Has the time come to retitle a revered institution with a name that more accurately reflects the breath and scope of what is going on at the Sergeants Major Academy? The US Army Sergeants Major Academy (USASMA) was established by General Order 98 in July 1972 and began educating selected noncommissioned officers in January 1973. According to their first Command Sergeant Major (and later Sergeant Major of the Army) Bill Bainbridge, he stated that “the Academy’s mission is to prepare selected senior noncommissioned officers to assist future commanders at the division level and higher.” Over time USASMA has gained a significant role in the the career progression of enlisted solders and I submit they have outgrown their 1972 name, and here is why.
Mission creep formally began for the USASMA staff in June 1981 when they became the proponent for developing the Common Core portion of the Advanced Noncommissioned Officer Course and then in October 1981 the Sergeants Major Academy was given operational control over the First Sergeant Course. They eventually became proponent of the newly created Primary Leadership Development Course (now the Warrior Leaders Course) as it was transitioned in throughout the Army. USASMA is also responsible for the Common Core portion of the Advanced and Senior NCO Courses, the creation of and oversight for Structured Self Development (SSD), and they conduct Battle Staff NCO Course. They manage distance learning programs, The NCO Journal, the United States Army Museum of the Noncommissioned Officer and the Othon O. Valent Learning Resources Center. The last two are both historic repositories in their own right and well-respected research centers on critical noncommissioned officer knowledge. And recent changes moved all of the former Division and post NCO Academies from the Forces Command to under their watch. USASMA hasn’t “only” prepared sergeants major for more than 30 years, yet their name has not reflected those changes.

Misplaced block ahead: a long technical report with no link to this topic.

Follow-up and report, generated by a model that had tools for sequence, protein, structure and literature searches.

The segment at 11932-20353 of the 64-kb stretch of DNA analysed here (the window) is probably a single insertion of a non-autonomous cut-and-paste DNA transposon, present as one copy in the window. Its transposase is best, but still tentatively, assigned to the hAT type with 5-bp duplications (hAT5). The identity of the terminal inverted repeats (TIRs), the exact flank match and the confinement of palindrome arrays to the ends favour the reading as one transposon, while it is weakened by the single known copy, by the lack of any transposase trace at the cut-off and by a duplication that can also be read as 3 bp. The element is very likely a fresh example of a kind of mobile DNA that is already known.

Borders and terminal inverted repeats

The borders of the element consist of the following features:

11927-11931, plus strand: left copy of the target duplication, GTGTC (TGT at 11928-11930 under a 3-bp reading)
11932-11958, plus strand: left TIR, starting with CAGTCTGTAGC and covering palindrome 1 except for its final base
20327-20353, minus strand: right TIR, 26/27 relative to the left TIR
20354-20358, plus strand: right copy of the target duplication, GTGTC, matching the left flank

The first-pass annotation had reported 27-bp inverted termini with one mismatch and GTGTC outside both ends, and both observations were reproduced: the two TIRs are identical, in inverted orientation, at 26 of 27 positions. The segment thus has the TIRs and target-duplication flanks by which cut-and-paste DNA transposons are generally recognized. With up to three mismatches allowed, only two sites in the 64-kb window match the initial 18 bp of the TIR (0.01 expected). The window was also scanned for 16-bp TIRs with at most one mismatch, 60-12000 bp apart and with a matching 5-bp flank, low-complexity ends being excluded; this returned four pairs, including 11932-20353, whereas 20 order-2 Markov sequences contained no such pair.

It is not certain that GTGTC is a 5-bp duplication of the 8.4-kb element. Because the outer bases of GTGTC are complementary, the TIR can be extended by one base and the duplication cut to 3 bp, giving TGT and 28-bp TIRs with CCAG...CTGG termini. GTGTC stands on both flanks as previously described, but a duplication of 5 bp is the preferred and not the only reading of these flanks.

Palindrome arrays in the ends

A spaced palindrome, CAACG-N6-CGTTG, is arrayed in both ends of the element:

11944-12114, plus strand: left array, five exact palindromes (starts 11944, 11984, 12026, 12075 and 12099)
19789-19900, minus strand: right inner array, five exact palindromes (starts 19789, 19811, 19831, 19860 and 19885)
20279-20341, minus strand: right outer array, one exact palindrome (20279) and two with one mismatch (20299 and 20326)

A name change should reflect their modern responsibilities and to do that one must understand their core purpose. According to their website the USASMA mission is:
“To provide professional military education programs that develop agile, versatile, and broadly-skilled noncommissioned officers and enlisted Soldiers capable of meeting the challenges of an increasingly uncertain and complex strategic operational environment.”
To me, the name Sergeants Major Academy does not encapsulate that message and may likely confuse people inside and outside of the Army. With the creation of the Institute of NCO Professional Development to provide oversight to the Academy after the selection of a Command Sergeant Major as Commandant this is a natural maturation of the importance of the facility and its awesome capability. I propose a new name and in my view Enlisted Leadership University (ELU) works, and here is why.
Enlisted – Why not Sergeant or Noncommissioned Officer? Merriam-Webster defines Enlisted as “serving in the armed forces in a rank below the rank of officers.” Though USASMA clearly is involved across the full spectrum of the noncommissioned officer education system, the bottom line is not everyone they touch are NCOs. Yet. We should be inclusive, especially considering SSD 1 and WLC attendees may have not yet achieved noncommissioned officer status. Plus, as the Army refines its definition of lifelong learning it may choose to include professional development training earlier and earlier in a soldiers career and if so this name remains relevant well into the future.